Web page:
HKDSE 2021: Tips to help you ace the English Language exam

  • Top tutor Kenneth Lau from Beacon College gives his advice for test success
  • Don’t waste time on questions you don’t understand, use context clues and review Hong Kong-related news topics in advance
Doris Wai |

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Keep this advice in mind while you're preparing for the English Language DSE.

There’s less than a month until the dreaded DSE English Language exam on April 27. As the countdown begins, Young Post asked Beacon College’s top tutor, Kenneth Lau, for his tips on acing Papers 1 and 2.

Paper 1: Reading

Knowing which paper to attempt is key. Lau suggests scanning through Part B2 first to see whether you get the gist of the passages. If there are more difficult words and phrases than expected, you should stick to B1 instead.

As you only have 90 minutes to finish this paper, you should focus your revision on frequently tested questions such as summary cloze, long questions (on “giving reasons” and “making comparisons” in particular), and true/false/not given questions.

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Judging from past papers, you should pay more attention to long questions related to irony, and conflicting ideas in which comparisons have to be made. Lau says students tend to lose points in these questions as they fail to provide a two-part answer, one explaining each side of the irony and opposing idea.

As for that common worry – vocabulary – Lau has some advice. Instead of wasting time pouring over words you don’t understand, he recommends you look at them in context to help you guess their meaning.

“Pay attention to context clues and discourse markers in the same sentence that hint at a definition or an example of an unfamiliar word directly in the text,” he says. “This type of context clue often uses signal words and connectives like ‘while’ and ‘such as’. Another way is to look out for same [synonym] signal words such as ‘in addition to’, ‘or’, ‘commonly called’, and opposite [antonym] cues like ‘in contrast’, ‘unlike’, and ‘instead of’.”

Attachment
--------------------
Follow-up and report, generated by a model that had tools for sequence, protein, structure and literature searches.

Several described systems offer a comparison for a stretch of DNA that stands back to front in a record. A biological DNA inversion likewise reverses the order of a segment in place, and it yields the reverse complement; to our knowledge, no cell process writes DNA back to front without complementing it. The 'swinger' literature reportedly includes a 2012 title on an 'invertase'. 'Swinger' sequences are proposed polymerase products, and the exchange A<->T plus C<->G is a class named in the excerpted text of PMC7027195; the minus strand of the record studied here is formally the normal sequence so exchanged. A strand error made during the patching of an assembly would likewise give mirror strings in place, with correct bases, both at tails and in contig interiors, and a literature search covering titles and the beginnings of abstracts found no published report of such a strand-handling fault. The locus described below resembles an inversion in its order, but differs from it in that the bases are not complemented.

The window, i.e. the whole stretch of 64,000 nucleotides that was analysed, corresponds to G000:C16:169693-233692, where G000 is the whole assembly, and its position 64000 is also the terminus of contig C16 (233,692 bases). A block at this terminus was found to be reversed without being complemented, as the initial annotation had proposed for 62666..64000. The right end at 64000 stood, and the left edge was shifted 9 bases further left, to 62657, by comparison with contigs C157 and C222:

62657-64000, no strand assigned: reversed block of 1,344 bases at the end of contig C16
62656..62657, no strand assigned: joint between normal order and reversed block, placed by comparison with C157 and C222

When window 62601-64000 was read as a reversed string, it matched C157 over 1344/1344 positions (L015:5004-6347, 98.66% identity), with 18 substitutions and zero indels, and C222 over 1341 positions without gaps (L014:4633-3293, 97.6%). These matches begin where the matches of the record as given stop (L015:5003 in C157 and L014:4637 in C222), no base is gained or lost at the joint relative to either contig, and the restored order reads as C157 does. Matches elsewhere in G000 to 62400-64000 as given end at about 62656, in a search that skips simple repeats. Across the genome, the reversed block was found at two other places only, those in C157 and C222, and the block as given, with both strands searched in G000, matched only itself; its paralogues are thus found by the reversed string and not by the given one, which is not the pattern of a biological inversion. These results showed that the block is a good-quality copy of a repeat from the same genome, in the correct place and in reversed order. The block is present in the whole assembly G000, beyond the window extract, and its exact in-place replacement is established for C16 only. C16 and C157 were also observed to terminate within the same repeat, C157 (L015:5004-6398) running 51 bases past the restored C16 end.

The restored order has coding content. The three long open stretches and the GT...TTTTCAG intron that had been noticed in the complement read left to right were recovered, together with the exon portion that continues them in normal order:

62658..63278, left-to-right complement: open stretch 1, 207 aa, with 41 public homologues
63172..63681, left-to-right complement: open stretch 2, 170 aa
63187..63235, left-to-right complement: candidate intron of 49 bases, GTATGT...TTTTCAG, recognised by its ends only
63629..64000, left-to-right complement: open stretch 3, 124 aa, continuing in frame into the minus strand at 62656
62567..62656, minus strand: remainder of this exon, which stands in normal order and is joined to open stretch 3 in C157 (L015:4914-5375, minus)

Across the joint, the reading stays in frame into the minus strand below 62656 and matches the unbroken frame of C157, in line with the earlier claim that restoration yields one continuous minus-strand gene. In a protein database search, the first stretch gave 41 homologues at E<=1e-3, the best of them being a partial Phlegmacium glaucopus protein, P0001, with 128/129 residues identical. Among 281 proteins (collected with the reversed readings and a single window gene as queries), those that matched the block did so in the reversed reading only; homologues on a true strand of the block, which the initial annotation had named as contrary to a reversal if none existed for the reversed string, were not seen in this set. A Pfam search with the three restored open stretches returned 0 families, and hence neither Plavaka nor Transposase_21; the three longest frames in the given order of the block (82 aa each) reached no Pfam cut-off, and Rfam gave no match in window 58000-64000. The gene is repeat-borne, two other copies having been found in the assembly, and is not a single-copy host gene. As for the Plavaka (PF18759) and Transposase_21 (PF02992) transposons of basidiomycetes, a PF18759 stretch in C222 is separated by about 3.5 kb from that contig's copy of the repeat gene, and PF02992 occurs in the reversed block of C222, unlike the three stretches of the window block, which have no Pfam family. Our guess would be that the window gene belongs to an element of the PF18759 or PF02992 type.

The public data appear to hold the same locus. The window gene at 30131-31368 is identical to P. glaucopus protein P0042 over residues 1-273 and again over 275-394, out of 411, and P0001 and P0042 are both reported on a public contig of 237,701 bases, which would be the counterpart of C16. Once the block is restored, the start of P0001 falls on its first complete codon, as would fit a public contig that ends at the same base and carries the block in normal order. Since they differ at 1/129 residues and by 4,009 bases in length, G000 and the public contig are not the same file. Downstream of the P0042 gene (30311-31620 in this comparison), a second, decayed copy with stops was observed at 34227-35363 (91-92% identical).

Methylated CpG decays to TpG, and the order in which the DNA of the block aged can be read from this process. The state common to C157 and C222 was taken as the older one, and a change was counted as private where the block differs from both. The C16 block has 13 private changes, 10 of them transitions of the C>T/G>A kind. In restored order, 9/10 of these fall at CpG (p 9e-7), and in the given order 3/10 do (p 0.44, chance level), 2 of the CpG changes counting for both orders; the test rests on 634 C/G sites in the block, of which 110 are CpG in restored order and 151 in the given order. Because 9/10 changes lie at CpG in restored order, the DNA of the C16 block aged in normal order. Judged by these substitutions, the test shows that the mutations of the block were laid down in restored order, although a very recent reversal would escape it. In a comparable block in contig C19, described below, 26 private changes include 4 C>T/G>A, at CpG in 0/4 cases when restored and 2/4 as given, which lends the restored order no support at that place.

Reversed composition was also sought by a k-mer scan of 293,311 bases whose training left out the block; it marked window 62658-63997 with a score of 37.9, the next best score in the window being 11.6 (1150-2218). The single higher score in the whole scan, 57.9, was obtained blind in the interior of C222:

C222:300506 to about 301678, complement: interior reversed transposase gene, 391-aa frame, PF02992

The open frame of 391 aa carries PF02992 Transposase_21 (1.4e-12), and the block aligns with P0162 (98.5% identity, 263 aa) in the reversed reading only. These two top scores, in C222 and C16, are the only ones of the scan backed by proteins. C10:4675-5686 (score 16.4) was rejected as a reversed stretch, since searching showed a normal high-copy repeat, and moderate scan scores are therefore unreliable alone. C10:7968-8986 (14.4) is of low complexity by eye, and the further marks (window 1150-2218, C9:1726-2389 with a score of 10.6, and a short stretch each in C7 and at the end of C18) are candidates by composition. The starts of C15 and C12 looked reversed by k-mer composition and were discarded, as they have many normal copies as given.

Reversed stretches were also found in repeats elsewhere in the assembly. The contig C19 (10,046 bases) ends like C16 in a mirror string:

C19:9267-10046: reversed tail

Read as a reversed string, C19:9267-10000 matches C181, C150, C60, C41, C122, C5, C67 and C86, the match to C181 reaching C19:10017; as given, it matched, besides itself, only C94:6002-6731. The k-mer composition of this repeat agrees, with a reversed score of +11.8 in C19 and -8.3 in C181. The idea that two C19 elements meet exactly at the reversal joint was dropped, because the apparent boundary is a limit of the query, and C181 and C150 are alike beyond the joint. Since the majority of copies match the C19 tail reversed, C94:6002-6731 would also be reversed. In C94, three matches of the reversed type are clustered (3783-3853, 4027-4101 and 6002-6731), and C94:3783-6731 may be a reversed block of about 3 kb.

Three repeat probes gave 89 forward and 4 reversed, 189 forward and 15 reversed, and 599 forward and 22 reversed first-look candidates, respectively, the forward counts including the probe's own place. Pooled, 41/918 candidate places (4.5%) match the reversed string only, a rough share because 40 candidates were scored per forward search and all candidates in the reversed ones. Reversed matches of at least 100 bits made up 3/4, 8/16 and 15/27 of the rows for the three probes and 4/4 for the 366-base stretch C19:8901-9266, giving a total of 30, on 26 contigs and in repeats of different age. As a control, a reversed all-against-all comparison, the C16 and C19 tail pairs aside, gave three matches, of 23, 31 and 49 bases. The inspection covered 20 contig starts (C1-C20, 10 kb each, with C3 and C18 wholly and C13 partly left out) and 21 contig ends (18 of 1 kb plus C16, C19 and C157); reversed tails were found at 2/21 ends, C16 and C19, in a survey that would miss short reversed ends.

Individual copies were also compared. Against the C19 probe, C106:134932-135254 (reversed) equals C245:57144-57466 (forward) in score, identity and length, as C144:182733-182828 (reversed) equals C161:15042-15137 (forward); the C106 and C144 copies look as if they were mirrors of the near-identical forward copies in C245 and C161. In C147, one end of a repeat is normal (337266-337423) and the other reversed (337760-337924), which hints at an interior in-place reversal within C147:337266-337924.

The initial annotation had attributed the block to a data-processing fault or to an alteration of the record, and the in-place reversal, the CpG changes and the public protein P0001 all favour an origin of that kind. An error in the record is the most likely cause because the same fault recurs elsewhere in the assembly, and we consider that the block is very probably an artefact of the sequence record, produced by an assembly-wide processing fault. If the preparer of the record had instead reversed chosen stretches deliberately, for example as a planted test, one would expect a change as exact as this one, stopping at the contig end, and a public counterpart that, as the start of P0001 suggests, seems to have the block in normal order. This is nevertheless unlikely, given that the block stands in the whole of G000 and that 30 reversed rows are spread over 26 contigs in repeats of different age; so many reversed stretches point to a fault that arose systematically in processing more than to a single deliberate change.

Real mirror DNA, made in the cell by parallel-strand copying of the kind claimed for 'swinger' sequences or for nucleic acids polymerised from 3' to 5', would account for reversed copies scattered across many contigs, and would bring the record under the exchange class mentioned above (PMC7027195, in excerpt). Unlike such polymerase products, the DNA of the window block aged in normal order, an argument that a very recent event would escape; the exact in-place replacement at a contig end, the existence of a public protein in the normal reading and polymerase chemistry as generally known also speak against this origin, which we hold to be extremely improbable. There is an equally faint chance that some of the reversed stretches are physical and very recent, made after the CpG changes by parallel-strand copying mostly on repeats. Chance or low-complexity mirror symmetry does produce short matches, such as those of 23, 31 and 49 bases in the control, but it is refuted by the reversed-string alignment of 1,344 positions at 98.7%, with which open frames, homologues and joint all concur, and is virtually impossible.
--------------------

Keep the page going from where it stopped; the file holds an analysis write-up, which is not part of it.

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Some questions test your understanding of figurative language. “This usually refers to metaphors and similes, and why they are used,” he says. “One way to approach these questions is to explain the literal meaning of the phrase and its corresponding idea in context to the passage using sentences like ‘Just as A …, B …’, ‘Both X and Y are …’ as a guide to frame your answer.”

As for questions about the tone of the passage, or the writer’s attitude, Lau stresses that you need an idea of the writer’s or characters’ overall emotion. As they are unlikely to change their sentiment over the course of the passage, this provides a hint as to whether they have a positive or negative attitude towards an item, person or event.

Keep in mind that management is incredibly important when you're taking exams.

Paper 2: Writing

In terms of questions that are likely to appear this year, Lau recommends reading up on the following: key issues related to education; climate change and the environment; teen-related problems; latest technology; and Hong Kong-related topics including housing issues and land use, economic inequality and ageing population.

Lau says students have a tendency to overlook a question’s context. He points to last year’s Paper 2, Part A, as an example, in which the task was to write a restaurant review. Some students simply wrote a commentary on the food, service, and environment without providing any background information about the restaurant or explaining why they chose it.

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“Instead of rushing to answer the question, take a moment to ask yourself whether you are familiar with the topic and the vocabulary required to write a solid essay,” he says.

Next, think about whether it should be persuasive, analytical, argumentative, or narrative based on the target audience before working on your draft.

While many students use mind maps to plan their answers, Lau suggests dividing the draft into three parts: introduction, body, and conclusion. Each part should include a topic sentence, followed by supporting evidence and justifications, and concluding statement to help set the direction of the essay.

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While the planning stage is essential, you shouldn’t spend more than 10 minutes on it. As a general guide, Lau recommends allocating 45 minutes to Part A and 75 minutes to Part B, and to set aside 10 minutes for proofreading.

If you have the time before the exam, he recommends going through newspaper articles on hot topics so you have a good grasp of the words and jargon used. This could mean the difference between a Level 4 and Level 5 essay.

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